How does WEC score with regard this the 1st rule?
  1. Not sure. They might not be guilty of this one, we're checking...
  2. The Voter Registration Number is sometimes a number, but more often a non-number. They are in violation
  3. The Wisconsin voter roll contains no primary key. They are in violation
  4. Voter history uses repeating groups. They are in violation

Bottom line, the WEC voter roll fails the most basic database design test. However, we can't draw a hard conclusion because a CSV export could be an intentionally flawed version. The $64 question: Does the WEC data indicate ineptitude or intentional obfuscation? Our default answer: Both

Q33. People are all pounding their fists on the table to "clean up the voter rolls!" but is that being done? Is WEC or anyone taking action to improve the data?

A.    Let's use duplicate VRNs (voter reg numbers) as an example. Specifically, we will use Kristen who in 2020 had 11 duplicate VRNs. Here's a snip from way back when

Why would a voter database have the same person with 11 identical voter numbers? This is clear evidence that Voter Reg Numbers are not unique. There were 1000+ examples just like this in 2020.

Fast-forward to SEP22 WEC data. Here's how they modified Kristen to not have so many pesky duplicates...

The person/people behind the curtain pulling the data update levers decided the best method to eliminate duplicates is to swap out a leading digit for another. In this case they removed the 7 and replaced it with 2-6 and 8-11. For a reason few will ever know, they swapped out one with 51, I guess because using a 7 would have not solved the duplicate problem.

Not very creative or subtle, but effective as WEC can today state there is only one voter with a duplicate VRN. And as we all know, one occurence of something is referred to a glitch, something that can never be called widespread.

So answer: YES, they are making changes. You decide on the value of said changes.

Q32. When I load WEC data into Excel, there are many duplicate VoterRegNumbers. Is this correct?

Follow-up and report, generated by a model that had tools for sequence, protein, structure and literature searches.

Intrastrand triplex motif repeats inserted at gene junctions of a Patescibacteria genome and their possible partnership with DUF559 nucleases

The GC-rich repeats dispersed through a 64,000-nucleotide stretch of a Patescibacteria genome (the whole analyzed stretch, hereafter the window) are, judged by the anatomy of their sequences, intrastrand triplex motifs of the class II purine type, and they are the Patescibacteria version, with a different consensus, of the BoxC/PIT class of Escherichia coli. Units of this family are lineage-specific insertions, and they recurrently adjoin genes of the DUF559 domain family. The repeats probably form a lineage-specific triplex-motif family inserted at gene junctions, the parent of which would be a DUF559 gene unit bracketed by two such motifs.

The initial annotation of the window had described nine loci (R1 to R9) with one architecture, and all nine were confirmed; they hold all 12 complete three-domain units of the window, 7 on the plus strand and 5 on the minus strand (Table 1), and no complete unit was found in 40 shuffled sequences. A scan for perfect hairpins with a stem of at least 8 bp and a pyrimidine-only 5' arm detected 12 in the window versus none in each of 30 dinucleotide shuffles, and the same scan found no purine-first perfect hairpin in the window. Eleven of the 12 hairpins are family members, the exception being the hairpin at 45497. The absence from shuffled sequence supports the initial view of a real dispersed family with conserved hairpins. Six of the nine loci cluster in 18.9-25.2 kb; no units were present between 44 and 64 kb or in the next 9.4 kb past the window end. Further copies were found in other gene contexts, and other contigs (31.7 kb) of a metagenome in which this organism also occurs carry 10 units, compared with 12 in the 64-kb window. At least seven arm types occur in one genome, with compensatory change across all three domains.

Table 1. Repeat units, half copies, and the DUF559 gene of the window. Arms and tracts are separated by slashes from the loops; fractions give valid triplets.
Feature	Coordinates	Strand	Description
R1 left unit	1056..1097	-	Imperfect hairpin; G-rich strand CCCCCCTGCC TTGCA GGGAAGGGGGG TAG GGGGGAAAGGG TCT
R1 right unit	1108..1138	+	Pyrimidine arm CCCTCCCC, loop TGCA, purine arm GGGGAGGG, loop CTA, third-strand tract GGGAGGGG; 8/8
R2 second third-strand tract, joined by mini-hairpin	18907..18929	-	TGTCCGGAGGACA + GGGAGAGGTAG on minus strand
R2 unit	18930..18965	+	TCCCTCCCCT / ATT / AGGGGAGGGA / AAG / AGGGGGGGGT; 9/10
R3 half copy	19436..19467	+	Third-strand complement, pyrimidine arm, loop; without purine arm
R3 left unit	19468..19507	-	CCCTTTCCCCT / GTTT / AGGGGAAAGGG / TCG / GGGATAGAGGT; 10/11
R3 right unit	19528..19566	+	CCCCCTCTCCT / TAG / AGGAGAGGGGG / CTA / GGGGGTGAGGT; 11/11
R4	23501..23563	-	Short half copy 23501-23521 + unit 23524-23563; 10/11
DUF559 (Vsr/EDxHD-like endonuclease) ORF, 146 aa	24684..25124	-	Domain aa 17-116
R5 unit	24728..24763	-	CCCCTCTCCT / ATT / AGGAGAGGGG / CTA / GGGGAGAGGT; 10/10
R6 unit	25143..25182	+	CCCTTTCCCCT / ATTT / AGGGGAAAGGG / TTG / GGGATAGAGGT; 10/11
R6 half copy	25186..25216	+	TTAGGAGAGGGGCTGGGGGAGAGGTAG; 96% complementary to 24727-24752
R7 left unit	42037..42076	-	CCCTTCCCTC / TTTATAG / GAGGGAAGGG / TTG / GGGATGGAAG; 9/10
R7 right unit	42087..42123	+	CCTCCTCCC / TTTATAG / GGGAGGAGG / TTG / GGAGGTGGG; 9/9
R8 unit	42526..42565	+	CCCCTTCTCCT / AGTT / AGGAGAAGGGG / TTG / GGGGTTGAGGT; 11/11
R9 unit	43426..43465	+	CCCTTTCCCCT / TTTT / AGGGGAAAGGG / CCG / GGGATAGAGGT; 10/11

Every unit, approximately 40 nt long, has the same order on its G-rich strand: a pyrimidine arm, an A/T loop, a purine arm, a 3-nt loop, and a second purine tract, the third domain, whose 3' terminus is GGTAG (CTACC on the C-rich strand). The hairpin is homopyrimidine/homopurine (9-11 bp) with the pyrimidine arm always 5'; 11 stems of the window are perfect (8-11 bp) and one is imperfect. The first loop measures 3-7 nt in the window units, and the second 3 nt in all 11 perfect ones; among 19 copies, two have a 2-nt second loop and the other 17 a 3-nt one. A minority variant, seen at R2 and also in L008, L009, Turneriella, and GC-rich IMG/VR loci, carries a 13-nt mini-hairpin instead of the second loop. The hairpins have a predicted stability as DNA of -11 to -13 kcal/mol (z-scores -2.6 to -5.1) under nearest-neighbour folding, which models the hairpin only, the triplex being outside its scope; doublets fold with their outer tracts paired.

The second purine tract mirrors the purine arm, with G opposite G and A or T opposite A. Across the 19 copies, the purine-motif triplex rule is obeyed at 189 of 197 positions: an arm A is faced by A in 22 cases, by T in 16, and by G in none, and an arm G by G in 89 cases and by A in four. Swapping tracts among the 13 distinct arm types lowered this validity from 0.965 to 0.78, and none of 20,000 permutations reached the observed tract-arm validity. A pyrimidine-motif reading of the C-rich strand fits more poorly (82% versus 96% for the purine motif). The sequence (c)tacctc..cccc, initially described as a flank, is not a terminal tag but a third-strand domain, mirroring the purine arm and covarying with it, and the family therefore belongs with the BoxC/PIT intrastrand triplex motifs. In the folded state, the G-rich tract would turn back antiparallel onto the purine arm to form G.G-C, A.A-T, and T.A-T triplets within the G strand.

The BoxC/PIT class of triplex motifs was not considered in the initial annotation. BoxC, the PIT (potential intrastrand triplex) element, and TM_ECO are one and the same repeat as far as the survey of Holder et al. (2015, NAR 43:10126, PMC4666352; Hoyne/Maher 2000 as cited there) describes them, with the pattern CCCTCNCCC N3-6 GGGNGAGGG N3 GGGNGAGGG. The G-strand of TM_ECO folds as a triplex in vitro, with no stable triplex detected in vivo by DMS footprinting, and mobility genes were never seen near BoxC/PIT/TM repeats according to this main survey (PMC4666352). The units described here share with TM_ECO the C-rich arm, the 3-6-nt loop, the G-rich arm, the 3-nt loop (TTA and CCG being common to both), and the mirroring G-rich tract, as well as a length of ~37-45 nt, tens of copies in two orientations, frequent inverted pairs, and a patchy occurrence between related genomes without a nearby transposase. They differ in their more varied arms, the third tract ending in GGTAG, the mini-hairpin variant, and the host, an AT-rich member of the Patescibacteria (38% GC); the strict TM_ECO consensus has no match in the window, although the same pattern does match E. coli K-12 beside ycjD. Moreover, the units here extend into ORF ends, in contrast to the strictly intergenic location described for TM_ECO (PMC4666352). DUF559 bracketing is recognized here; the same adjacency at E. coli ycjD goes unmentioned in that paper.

A.    A WEC Voter Registration Number (VRN) is not a number. As per the scant WEC documentation...

A Voter Reg Number is a non-number customer number encrypted with a number.

Here's the official PDF from the data masters at WEC.

Just so we are on the same page... an alpha-numeric is not a number. e.g., A12 is an alpha-numeric because it contains one character that is not a number. A number can only have 0-9. Anything other 0-9 means it's an alpha-numeric. Another example: A phone number 2625551212 is a number, but (262)555-1212 is an alpha-numeric.

Now, back to the question...

If one imports a CSV file into Excel that contains 123,0123 what will be the result? It will look like this:

Analogy: There are two people in the room. You ask them to write their ages on a slip of paper. One writes 32, the other 032. Which one is older? Answer: Not sure because one person works for WEC.

Back to our CSV file... this is where some make inadvertent mistakes. When one purchases WEC data, it is provided in a CSV. Let's say someone purchases all of a single Assembly district which might come to 66,000 records. It's possible that file will contain 123 and 0123. When you load the CSV into Excel/OpenOffice, those will appear to be duplicates. BUT, as per WEC, they are not the same because a VoterRegNumber is not a number.